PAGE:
While the memorable "Bonanza" theme music played, Ayres' map appeared, then dissolved in flames, revealing the Ponderosa ranch's inhabitants on horseback — the Cartwright clan played by Lorne Greene, Michael Landon, Dan Blocker and Pernell Roberts.
Ayres' original Ponderosa map had hung for decades in the home of "Bonanza" creator and producer David Dortort, but Dortort's family donated it to the Autry National Center of the American West after he died in 2010.
After the Autry Center announced last June that the map of the fictional Ponderosa was on permanent display, Ayres and family members visited the exhibit three times.
Upon re-encountering the map for the first time in more than 50 years, Ayres exclaimed, "Oh, for goodness' sake! I had no idea where that had gone," Tessie Borden of the museum's staff wrote on the Autry website after his first visit in July.
At first, the artist "didn't think it was the original map, because it was so big," said Don Richards, Ayres' son-in-law. "It was a neat thing, and he was just enjoying it."
An observant reader of the museum's Trading Posts blog had noted that the museum's Ponderosa map differs in several small details from the one that burns in the opening credits of "Bonanza," said Autry spokeswoman Yadhira de Leon.
The Autry made inquiries with experts, who said that to avoid burning the original rendering, "Bonanza" producers probably would have had numerous hand-drawn and perhaps inexact copies made for the purpose of torching them until they achieved the right effect for the opening sequence.
Ayres was born July 28, 1913, in Lansing, Mich. He attended what is now Michigan State University but left to help with his father's real estate and property management business during the Depression.
Exempted from military service because of severe allergies, Ayres worked as a navigator for Pan American Airways during World War II. He studied at the Academy of Art in Chicago and at the Chouinard Art Institute and Jepson Art Institute in L.A.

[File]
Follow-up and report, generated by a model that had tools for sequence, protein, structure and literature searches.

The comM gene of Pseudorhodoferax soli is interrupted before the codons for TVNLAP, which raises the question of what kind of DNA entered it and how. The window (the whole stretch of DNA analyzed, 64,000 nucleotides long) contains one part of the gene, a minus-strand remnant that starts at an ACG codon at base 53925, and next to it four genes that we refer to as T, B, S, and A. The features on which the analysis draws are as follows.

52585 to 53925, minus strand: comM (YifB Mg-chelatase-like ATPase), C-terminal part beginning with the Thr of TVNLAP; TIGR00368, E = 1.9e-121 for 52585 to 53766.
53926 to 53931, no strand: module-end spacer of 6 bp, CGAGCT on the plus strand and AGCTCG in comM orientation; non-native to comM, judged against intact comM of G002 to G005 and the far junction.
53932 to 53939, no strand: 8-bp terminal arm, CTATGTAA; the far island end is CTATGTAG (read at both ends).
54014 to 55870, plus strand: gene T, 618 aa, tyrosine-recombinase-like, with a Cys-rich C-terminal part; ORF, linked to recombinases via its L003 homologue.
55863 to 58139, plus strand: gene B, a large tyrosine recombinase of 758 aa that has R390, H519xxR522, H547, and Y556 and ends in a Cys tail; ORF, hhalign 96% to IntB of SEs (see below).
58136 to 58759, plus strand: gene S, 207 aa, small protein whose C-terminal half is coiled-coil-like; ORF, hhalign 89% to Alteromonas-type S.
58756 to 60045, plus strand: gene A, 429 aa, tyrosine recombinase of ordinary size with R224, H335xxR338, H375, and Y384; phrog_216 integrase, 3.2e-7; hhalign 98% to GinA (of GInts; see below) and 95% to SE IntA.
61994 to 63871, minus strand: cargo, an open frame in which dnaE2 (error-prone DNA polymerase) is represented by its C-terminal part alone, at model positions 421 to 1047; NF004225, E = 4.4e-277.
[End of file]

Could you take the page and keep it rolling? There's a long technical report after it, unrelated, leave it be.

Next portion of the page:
After working as a commercial artist, he illustrated "The Golden Treasure of Bible Stories" and other books.
His religious artwork landed him a job at MGM when the studio needed set illustrators for the big-budget 1959 epic "Ben-Hur."
As a set illustrator, his work involved turning blueprints and technical specifications given to him by set designers into drawings or paintings that would help guide set builders.
He moved on to Paramount and Disney, where he was a set illustrator on hundreds of films, including "Blue Hawaii" (1961), "The Man Who Shot Liberty Valance" (1962) and "The Black Hole" (1979).
His last assignment at Disney before retiring in 1980 was creating artwork for restaurants and other venues at Epcot Center in Florida.
After his first wife, Geraldine, died in 1980, Ayres remarried. His second wife, Lucy, died in 1996.
Besides his daughter, he is survived by his sister, Peg Boehm; and two grandchildren.
Los Angeles Times staff writer Dennis McLellan contributed to this report.